February 06, 2003



All that below said, here's where I part with Dyer. While he feels that this is a war not worthy of Canadian support, because in his view it is so unlikely to be a long-term positive for humanity, I can't entirely content myself with the long view. There are Iraqis living under vicious oppression now. There is a move afoot that, whatever its other flaws, will alleviate that. Even if one believes that move stems from entirely the wrong reasons, the end result (the lifting of the sword off Iraqis' necks) has to be seen as a desirable good.

Even if we wouldn't want to go to war for America's stated reasons, even if we believe their unstated reasons are worse, that doesn't mean there can't be other reasons of our own that compel us to join them anyway. That's what alliances are, after all: not teams with common mindsets, but with common goals. If one can accept that argument that begins "yes, the Iraqi leadership is a horror, but the Americans still don't have a casus belli" I believe it's still moral to say that the horror is worth fighting and defeating in and of itself. If one wants to provide a moral alternative to the proposed war, it must include a path to freedom for Iraqis, particularly the Kurds and Shiites. Having not seen any alternative that maps out such a path, I find I can't in conscience oppose what amounts to the only hope for these people, even if I think the Americans are nuts to attempt it.

Speaking only as a citizen now, I'd also have to say I'd like Canada to be there. Perhaps not in the war phase, as I have yet to see a convincing deployment proposal that gets us there in time and in impressive force, and support among the population is so stunningly low. But definitely in the reconstruction... something of a historical specialty for our country. I believe the Americans will want to share that burden, even if they choose to leave the UN out of it, and I believe working with them we could do a lot of good for one country that deserves it. (The plan floated this week, to relieve a US battalion in Afghanistan with one of our own, would also be a worthy move, for the same reasons: there's a lot of reconstructing still to do there, too.)

Our sitting home and complaining isn't going to help one Iraqi. Anteing up and kicking in, in whatever way the Americans will have us, could help the Iraqis a lot. That's the unavoidable conclusion that I seem to have come to on this one. Not that I think anyone who knows me would be surprised by that.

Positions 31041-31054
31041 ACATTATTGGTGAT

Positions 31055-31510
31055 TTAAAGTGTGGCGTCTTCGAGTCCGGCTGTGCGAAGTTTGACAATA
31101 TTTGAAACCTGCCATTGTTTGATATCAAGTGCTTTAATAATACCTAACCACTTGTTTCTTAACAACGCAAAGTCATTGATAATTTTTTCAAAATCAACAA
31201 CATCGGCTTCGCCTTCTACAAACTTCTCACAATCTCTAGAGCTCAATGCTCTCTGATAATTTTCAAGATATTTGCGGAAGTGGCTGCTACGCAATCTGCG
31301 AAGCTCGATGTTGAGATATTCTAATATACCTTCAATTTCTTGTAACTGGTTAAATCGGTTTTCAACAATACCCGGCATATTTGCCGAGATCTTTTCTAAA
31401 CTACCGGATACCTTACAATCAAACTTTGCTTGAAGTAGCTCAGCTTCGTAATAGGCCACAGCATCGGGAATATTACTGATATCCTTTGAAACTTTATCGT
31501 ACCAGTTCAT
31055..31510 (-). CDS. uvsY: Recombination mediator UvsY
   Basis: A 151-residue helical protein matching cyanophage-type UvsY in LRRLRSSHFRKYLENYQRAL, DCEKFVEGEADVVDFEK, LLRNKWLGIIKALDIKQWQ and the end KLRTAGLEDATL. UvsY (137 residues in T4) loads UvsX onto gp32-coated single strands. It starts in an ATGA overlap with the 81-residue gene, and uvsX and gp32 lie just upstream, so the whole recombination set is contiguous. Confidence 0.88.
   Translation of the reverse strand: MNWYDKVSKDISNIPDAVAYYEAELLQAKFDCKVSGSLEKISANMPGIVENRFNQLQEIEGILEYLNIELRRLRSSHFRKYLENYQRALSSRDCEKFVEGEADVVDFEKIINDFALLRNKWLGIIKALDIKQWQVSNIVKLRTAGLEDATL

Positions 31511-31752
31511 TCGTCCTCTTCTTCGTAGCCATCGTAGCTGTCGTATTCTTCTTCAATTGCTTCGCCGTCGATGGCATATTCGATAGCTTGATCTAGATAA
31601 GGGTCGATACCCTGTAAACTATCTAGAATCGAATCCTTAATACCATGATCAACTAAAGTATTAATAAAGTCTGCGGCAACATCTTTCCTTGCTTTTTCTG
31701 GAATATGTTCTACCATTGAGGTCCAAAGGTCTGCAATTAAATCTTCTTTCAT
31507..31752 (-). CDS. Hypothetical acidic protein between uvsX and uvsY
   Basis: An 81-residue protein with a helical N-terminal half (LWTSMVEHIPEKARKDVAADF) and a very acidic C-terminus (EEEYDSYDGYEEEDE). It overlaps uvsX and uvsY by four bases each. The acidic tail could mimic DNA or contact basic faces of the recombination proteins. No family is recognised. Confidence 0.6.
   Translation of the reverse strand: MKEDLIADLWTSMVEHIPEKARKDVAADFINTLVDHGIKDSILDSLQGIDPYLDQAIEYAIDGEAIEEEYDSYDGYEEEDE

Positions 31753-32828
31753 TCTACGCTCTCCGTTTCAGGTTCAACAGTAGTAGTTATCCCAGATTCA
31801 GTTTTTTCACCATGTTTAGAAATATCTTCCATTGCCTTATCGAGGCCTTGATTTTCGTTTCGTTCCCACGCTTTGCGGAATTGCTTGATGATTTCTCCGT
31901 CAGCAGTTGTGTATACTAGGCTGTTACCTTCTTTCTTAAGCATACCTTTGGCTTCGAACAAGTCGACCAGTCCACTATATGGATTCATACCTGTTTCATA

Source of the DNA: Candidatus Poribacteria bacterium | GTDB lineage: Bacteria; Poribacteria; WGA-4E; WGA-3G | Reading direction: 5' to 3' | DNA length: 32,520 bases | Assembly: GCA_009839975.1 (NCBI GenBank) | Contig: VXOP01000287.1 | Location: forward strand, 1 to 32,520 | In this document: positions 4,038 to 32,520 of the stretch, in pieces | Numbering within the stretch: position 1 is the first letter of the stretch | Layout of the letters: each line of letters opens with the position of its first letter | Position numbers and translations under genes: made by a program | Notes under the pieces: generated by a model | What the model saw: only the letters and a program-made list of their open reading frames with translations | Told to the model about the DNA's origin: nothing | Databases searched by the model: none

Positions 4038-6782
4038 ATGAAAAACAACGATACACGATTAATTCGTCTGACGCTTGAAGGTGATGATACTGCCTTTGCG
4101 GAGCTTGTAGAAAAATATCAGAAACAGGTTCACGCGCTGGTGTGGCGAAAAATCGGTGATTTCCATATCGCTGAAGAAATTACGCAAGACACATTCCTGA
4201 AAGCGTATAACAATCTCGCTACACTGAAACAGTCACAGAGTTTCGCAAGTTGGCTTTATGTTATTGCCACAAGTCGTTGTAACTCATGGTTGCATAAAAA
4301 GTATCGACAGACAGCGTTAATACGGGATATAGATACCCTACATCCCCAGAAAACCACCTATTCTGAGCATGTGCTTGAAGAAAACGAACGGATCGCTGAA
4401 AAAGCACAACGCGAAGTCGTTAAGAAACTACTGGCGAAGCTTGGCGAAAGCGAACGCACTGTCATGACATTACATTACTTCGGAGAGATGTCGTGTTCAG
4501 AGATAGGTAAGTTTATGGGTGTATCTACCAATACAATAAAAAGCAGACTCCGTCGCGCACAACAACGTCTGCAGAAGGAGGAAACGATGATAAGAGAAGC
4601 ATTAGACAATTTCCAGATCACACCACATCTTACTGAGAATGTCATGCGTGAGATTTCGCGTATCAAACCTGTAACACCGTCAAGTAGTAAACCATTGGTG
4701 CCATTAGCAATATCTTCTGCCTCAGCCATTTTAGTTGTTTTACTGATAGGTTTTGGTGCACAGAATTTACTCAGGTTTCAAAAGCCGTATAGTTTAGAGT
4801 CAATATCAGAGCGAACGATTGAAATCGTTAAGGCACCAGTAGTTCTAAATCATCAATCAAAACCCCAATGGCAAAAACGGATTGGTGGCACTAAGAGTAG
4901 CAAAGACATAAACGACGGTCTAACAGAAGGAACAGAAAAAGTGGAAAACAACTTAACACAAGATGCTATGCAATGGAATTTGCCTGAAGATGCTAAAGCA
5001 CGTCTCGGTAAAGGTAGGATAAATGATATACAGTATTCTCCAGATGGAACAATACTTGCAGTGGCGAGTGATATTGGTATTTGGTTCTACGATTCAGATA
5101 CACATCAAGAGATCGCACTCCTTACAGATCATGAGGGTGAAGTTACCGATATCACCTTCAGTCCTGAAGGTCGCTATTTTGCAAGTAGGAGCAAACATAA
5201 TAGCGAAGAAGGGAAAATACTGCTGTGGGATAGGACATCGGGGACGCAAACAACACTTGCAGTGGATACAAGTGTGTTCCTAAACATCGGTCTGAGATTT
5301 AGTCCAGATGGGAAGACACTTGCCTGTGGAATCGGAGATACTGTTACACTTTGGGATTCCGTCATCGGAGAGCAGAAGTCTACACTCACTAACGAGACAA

UPDATE: Just to be clear, Dyer believes, at least based on his remarks last night, that Canada can be expected to ultimately support the war, too, but will avoid deploying ground forces, and drive a hard bargain with the Americans on other cross-border issues before consenting to the provision of whatever naval and air forces it can reasonably offer, a la 1991. He seems to regard this as the appropriate position for the Canadian nation to take: me, I find it a touch weaselly.

Posted by BruceR at 05:24 PM



I'll say one thing for Gwynne Dyer... he doesn't pander to his audience. I'm not saying it takes anything you'd call bravery, or courage, to walk into a potential confrontation with a room of several hundred peace activists (we're presumably not talking a particularly violent bunch here), but when he started his presentation at U of T last night by saying that all the efforts of Canadians to protest war in Iraq were guaranteed to be ineffective and possibly even counterproductive, one had to admire his candour.

Dyer, as he always does, had scathing words for excrescences like Arafat and Hussein, the undeniable chief architect of all Iraq's troubles. He was quite confident, however, that there will be a war in Iraq, that the Americans will win, that the Saudi monarchy is on its last legs, and that peace in Israel will begin to be achievable again once both Arafat and Sharon shuffle off stage. Americans are not imperialists, he told the gathered crowd, and the control of oil resources is not a factor in Bush's calculations. American fatalities in Iraq will at worst be in the low four figures. The Afghan intervention was not only just, but by comparison to any other war in history a moderate and proportionate response by an aggrieved nation. And the long-term trend in the Middle East, he believes, is still towards democratization and peace. So far, he and Paul Wolfowitz could hardly disagree.

Where Dyer parts ways, as do I I'm afraid, with the hawks on this issue is the absence of any confidence that the forthcoming American action will in the long run contribute in any way to that same long-term trend towards freedom he identifies. The former Sandhurst lecturer does believe this next war will be a setback, both for individual freedom in Iraq and international peace. I also have exactly zero confidence the post-war reconstruction, left in American hands, will go well. I base that, as does he, on the uncomfortable junction that must by now be self-evident, between achieving military success in Iraq and electoral success for Bush: the need by the Republican machine to look strong to a domestic audience, that seems to be driving not only the push for this war, but its curious, election-driven timetable.

In the meantime, he encouraged the peaceniks present to, um, keep their powder dry, if that's an appropriate metaphor, for the Iraq war, or perhaps just to continue to organize, because there might be better prospects of success the next time the Americans attempted a "regime change." Given Dyer's famous cynicism about everything and everyone except long-term human progress itself, that's not in retrospect an unusual or uncomfortable position for him, personally; I doubt, however, it was exactly what many of this particular crowd either expected or wanted to hear.

Posted by BruceR at 02:35 PM